There are still some taboo’s that us women often don’t discuss with our friends or health professionals. Today I am addressing the issue of heavy periods and the treatments that are readily available when women do seek help.
Earlier this year I went to my GP with abnormal bleeding. Truth be told I had put up with heavy periods for a few years. I didn’t think it was important enough despite the growing impact it was having on my life. Life was busy, I’ve three children and I am self-employed and I didn’t make my health a priority.
Yet I am not alone, as more than 1 in 5 women suffer from heavy periods. However, despite this, 62% of women affected don’t realise that heavy periods are a common medical condition and that there are treatment options available that can make life better. Thankfully Wear White Again are helping educate and inform women on the heavy period treatments available.
Before I confronted the issue I had not spoken to anyone about it, instead I was getting myself worked up and trying to hide how much it was affecting me. What surprised me, was how my heavy periods crept up on me. As a teen and even after having my three children my periods had always been light. They lasted three days and were not heavy.
However, over the past few years, they became heavier and they also lasted longer. It got to the point that I wouldn’t leave the house without tampons and it also impacted on what I would wear. On more than one occasion I literally flooded, I felt the blood gushing out and had to completely change my outfit. I would also need to get up in the night to change. Additionally, I was having cramps in my lower stomach and I felt very tired and bloated. These were all clear signs of heavy periods, but I still didn’t really make the connection. Or stop long enough to think about it I guess.
A heavy period can be categorised as:
• bleeding that lasts more than 7 days per cycle
• bleeding so severe that a sanitary pad or tampon must be changed every hour for several hours in a row
• heavy flow that keeps you from your normal activities, or even stops you from working
• bleeding with large blood clots
• feeling very tired or weak and often feeling depressed or moody
• constant pain in the lower part of your stomach during your cycle
One weekend I realised enough was enough after passing two big blood clots. I thought to myself this really isn’t normal and with that, I made an appointment to see my GP. I also knew that my implant was out of date and that my smear was a little overdue. I had put it all off because I didn’t know where to start or how to open up the conversations. My periods were all over the place and I had lost knowing my monthly cycle. I made an appointment for when I could go to the GP in peace (childless in other words) and explained what had been going on.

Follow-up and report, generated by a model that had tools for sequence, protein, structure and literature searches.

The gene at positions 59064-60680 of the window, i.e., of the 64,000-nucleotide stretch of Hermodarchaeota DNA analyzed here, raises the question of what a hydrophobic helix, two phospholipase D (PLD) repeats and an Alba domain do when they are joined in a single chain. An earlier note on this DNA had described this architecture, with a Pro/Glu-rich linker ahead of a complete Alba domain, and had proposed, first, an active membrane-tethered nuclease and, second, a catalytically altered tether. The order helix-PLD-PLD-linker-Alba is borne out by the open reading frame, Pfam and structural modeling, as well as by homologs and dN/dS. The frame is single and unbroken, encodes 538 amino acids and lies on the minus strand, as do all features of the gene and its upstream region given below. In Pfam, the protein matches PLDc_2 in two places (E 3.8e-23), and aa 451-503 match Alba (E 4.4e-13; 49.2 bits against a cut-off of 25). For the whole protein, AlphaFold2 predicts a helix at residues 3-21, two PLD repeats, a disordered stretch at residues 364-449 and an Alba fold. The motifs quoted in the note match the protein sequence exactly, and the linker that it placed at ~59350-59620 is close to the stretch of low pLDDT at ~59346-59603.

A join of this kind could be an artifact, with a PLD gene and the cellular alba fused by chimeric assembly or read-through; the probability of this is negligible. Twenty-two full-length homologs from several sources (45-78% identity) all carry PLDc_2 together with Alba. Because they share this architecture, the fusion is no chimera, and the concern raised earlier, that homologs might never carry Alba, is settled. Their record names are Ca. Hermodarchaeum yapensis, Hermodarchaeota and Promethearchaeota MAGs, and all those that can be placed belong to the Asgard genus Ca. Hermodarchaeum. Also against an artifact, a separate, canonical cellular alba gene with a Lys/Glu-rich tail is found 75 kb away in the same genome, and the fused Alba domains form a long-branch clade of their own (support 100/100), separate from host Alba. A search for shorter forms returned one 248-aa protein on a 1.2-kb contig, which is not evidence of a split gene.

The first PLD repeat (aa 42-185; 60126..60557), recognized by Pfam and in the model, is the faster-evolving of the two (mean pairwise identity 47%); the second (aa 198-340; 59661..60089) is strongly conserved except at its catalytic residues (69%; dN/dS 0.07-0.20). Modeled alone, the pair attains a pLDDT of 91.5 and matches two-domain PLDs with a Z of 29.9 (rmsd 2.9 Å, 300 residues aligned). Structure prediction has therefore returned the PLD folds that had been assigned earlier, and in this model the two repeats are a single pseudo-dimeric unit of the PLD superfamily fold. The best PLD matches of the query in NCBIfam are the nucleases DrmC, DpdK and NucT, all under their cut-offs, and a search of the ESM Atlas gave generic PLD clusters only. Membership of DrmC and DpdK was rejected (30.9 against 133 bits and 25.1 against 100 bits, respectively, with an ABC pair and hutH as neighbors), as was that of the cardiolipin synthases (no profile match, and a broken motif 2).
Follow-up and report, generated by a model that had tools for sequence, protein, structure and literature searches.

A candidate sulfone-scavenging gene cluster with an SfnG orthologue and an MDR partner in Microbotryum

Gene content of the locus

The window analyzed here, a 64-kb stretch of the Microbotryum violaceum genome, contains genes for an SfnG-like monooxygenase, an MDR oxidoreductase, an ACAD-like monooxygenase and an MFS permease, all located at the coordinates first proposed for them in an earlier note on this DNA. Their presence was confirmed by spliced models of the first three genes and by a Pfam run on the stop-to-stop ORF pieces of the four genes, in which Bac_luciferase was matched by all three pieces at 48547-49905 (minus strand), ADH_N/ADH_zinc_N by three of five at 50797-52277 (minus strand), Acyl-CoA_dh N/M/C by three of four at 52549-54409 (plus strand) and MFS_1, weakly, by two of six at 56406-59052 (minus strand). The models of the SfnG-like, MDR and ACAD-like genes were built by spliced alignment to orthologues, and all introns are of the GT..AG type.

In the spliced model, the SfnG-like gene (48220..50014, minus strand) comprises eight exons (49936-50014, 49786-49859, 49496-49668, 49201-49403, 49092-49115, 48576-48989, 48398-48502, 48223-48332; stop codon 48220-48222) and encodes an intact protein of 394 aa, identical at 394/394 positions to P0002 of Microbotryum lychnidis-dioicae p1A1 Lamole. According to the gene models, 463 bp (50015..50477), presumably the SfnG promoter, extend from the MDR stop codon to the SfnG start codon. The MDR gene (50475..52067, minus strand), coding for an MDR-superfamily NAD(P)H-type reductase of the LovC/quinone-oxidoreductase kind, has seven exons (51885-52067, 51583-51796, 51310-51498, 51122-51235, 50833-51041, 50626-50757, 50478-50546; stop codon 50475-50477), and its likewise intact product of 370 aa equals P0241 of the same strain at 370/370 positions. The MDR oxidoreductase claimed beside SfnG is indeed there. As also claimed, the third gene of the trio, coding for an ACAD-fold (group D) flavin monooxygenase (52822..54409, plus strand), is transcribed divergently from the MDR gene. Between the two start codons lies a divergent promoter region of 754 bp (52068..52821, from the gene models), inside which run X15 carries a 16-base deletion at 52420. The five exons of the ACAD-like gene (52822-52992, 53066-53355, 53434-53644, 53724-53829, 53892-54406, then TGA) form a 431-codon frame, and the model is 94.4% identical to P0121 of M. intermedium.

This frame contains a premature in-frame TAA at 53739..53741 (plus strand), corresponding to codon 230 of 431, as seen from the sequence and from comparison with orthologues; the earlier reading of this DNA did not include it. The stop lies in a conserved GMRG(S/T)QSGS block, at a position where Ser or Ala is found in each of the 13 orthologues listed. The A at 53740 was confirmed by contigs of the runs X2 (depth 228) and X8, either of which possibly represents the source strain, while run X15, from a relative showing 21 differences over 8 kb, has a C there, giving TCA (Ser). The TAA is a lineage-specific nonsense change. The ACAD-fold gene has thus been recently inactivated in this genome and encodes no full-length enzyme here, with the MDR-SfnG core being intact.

The first thing I noted was that my GP was listening and she did not dismiss my worries. In fact she immediately gave me a prescription to stop the bleeding which had been going on for two weeks. I was also having regular spotting which we discussed and I was asked to come back the following week for an internal and to have my smear. This isn’t always needed but in my case was.
One week later I was back and had the smear, the GP had some concerns which prompted me to be on the urgent referral pathway to a specialist at the hospital. Next, I found myself having a failed hysteroscopy and then another hysteroscopy with a general anaesthetic. Each of my appointments came through very quickly.
On the day of my general anaesthetic, I met the gynaecologist who was treating me for the erosion and he actually addressed my heavy periods. He reassured me that he didn’t think I had anything sinister going on. He then went on to say he thought my problems were down to heavy periods and we discussed the various treatment options, including having the coil fitted, which is what I opted for. You can learn more about the treatment options available for heavy periods on the Wear White Again website (
Since I had my treatment life has improved. Firstly my biopsies came back clear of cancer but it did show that I had a thickened uterine lining, the coil would also help reduce this. Three months on and my periods are back to being almost non-existent I can wear what I like and have no cramping. This also prompted me to overhaul other areas of my life. I have found a gym that I really enjoy and not only have I lost a stone in weight but I am fitter, stronger and healthier than I have been in many years.
Therefore I urge women to talk about heavy periods. I want women to recognise them for the medical condition that they are and I want women to ditch the embarrassment and treat it like you would any other health concern because getting treatment is giving you your freedom back. If you are suffering from heavy periods, pick up the phone and make the first call in taking back control. The Talking Heavy Periods Guide on the Wear White Again (here) shares some of the words and phrases we feel most comfortable using to describe periods, and how best to talk to our loved ones or GP about heavy periods.
Disclosure: I am working with We Wear White to raise awareness and have been compensated for the post but the experiences shared are all mine.